This has been described as another bailout, and it’s not hard to see why. The derivatives go into the insured institution, protecting the counter-parties, and they would be paid off in the event of a failure. Notice that the counter-parties themselves are managing the process, requesting that their bets get implicit government backing. The notional value on these derivatives trades is $75 trillion, with a T. This includes their European derivatives exposure. And according to Bloomberg, JPMorgan Chase has already done this.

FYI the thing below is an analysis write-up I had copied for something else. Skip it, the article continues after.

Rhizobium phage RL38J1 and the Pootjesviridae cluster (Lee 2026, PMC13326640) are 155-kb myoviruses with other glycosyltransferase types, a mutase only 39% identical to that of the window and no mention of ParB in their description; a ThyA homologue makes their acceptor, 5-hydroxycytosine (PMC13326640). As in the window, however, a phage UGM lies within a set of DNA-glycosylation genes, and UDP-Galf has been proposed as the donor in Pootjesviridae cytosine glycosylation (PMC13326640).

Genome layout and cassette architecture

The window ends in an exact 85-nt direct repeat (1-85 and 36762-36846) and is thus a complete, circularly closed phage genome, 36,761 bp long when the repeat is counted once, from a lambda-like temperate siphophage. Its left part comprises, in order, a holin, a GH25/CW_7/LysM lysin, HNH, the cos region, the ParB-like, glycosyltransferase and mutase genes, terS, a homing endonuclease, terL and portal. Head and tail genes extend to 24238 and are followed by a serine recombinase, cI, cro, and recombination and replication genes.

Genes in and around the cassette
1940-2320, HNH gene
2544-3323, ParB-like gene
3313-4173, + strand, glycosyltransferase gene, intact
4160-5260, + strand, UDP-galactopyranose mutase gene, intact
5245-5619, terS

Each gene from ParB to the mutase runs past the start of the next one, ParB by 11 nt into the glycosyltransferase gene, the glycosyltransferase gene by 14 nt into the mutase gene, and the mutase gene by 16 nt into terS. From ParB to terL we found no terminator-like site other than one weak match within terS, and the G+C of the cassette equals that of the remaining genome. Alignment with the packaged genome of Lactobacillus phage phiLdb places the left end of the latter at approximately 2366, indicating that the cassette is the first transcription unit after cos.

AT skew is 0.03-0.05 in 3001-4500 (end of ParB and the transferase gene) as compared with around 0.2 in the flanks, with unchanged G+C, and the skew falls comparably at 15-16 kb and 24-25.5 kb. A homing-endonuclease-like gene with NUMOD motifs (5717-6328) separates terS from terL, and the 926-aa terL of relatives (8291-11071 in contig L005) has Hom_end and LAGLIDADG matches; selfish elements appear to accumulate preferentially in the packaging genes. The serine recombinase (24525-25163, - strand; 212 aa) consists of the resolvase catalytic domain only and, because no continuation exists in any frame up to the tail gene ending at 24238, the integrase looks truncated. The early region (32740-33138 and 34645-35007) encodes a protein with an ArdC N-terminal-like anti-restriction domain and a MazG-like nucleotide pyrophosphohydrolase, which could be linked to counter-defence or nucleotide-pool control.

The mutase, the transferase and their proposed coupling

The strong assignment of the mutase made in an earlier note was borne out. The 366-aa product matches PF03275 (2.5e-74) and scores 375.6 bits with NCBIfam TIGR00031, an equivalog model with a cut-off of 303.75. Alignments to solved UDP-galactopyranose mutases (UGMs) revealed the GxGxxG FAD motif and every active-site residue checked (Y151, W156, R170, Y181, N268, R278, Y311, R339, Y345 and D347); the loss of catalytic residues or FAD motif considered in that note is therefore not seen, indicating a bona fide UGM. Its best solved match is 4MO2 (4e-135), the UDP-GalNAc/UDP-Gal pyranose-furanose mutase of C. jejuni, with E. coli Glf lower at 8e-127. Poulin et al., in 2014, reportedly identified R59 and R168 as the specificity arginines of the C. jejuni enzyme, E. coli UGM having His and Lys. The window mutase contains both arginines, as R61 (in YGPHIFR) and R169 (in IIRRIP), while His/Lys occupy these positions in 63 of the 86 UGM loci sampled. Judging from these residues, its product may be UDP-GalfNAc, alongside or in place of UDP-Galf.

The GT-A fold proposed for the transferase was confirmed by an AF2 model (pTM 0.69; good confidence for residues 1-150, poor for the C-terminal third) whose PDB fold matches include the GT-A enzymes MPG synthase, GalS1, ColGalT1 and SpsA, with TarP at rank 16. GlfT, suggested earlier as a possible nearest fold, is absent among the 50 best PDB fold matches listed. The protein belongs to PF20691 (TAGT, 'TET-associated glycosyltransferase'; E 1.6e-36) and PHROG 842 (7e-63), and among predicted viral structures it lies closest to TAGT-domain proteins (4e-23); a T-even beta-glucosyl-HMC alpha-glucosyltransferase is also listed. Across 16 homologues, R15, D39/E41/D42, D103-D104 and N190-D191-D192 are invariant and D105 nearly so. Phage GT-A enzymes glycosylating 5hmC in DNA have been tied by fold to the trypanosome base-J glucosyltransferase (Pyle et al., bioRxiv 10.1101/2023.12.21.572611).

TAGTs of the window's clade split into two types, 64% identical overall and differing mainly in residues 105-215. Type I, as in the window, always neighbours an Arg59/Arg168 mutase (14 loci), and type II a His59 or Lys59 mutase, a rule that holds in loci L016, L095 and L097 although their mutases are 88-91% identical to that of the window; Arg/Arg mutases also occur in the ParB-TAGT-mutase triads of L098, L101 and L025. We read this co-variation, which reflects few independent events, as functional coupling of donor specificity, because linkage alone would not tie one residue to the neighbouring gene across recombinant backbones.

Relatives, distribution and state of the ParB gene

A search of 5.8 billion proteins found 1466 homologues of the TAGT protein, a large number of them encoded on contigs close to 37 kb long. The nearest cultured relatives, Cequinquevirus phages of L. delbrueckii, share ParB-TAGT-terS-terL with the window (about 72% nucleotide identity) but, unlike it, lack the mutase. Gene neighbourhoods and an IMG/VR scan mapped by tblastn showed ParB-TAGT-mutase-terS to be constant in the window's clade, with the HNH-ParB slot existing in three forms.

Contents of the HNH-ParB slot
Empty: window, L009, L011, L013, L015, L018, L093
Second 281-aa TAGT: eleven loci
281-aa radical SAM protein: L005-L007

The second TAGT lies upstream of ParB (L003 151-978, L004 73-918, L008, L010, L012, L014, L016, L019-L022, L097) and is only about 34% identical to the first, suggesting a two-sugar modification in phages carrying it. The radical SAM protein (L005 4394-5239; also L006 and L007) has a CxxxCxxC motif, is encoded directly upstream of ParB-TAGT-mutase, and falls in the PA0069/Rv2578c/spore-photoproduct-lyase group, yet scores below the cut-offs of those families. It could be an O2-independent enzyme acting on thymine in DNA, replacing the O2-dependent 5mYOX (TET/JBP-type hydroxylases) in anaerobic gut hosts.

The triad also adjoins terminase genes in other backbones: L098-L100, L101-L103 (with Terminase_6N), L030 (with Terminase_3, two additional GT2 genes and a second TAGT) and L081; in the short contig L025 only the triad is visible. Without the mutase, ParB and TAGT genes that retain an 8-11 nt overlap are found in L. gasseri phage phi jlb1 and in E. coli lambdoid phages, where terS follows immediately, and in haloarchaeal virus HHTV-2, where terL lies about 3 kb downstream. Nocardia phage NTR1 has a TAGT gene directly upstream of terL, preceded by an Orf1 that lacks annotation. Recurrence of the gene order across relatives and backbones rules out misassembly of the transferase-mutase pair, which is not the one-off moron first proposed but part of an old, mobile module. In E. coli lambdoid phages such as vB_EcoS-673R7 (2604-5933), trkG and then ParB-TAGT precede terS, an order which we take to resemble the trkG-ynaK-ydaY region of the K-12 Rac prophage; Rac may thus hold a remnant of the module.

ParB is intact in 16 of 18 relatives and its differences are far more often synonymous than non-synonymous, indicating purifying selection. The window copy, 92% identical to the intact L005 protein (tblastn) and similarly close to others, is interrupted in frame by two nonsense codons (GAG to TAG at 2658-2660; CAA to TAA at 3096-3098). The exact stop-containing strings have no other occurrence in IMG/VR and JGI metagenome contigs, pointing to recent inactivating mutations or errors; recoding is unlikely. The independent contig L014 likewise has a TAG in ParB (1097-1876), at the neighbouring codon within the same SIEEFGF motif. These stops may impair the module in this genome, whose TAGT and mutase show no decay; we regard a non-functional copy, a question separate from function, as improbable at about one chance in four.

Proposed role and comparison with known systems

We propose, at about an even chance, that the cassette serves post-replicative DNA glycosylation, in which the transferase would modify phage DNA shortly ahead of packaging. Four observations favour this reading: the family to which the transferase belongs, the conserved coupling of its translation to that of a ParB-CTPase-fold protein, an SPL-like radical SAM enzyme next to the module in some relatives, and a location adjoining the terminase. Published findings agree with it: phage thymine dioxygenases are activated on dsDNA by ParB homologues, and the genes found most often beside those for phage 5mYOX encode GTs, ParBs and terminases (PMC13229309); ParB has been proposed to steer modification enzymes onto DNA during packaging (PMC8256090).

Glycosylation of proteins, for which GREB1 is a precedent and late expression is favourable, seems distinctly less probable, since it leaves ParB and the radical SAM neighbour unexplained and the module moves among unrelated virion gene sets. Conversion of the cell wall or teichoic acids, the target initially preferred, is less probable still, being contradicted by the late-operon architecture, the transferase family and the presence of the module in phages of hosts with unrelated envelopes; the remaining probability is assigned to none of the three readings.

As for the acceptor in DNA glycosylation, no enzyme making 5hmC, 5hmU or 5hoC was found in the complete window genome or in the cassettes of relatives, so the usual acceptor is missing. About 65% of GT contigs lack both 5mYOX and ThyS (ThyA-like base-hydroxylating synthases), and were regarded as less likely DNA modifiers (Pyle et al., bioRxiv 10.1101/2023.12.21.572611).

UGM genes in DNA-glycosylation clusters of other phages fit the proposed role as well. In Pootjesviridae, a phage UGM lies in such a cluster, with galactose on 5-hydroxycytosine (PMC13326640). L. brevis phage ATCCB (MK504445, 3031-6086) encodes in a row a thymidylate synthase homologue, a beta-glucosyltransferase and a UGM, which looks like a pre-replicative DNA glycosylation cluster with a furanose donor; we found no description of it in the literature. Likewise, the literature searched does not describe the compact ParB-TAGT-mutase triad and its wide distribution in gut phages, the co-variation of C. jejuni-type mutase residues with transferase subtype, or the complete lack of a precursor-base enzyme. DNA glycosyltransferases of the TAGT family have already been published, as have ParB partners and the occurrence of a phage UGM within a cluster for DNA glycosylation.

|By: David Dayen Tuesday October 18, 2011 7:20 pm|
|By: David Dayen Wednesday June 30, 2010 7:30 am|
If Joseph Cassano, the head of AIG’s disastrous Financial Products unit, has granted an interview since the insurance giant melted down, I certainly don’t remember it. That’s what makes today’s Financial Crisis Inquiry Commission hearing so interesting. The theme is the derivatives market, and there will be a particular emphasis on AIG and Goldman Sachs, and how their trading played a role in the financial meltdown.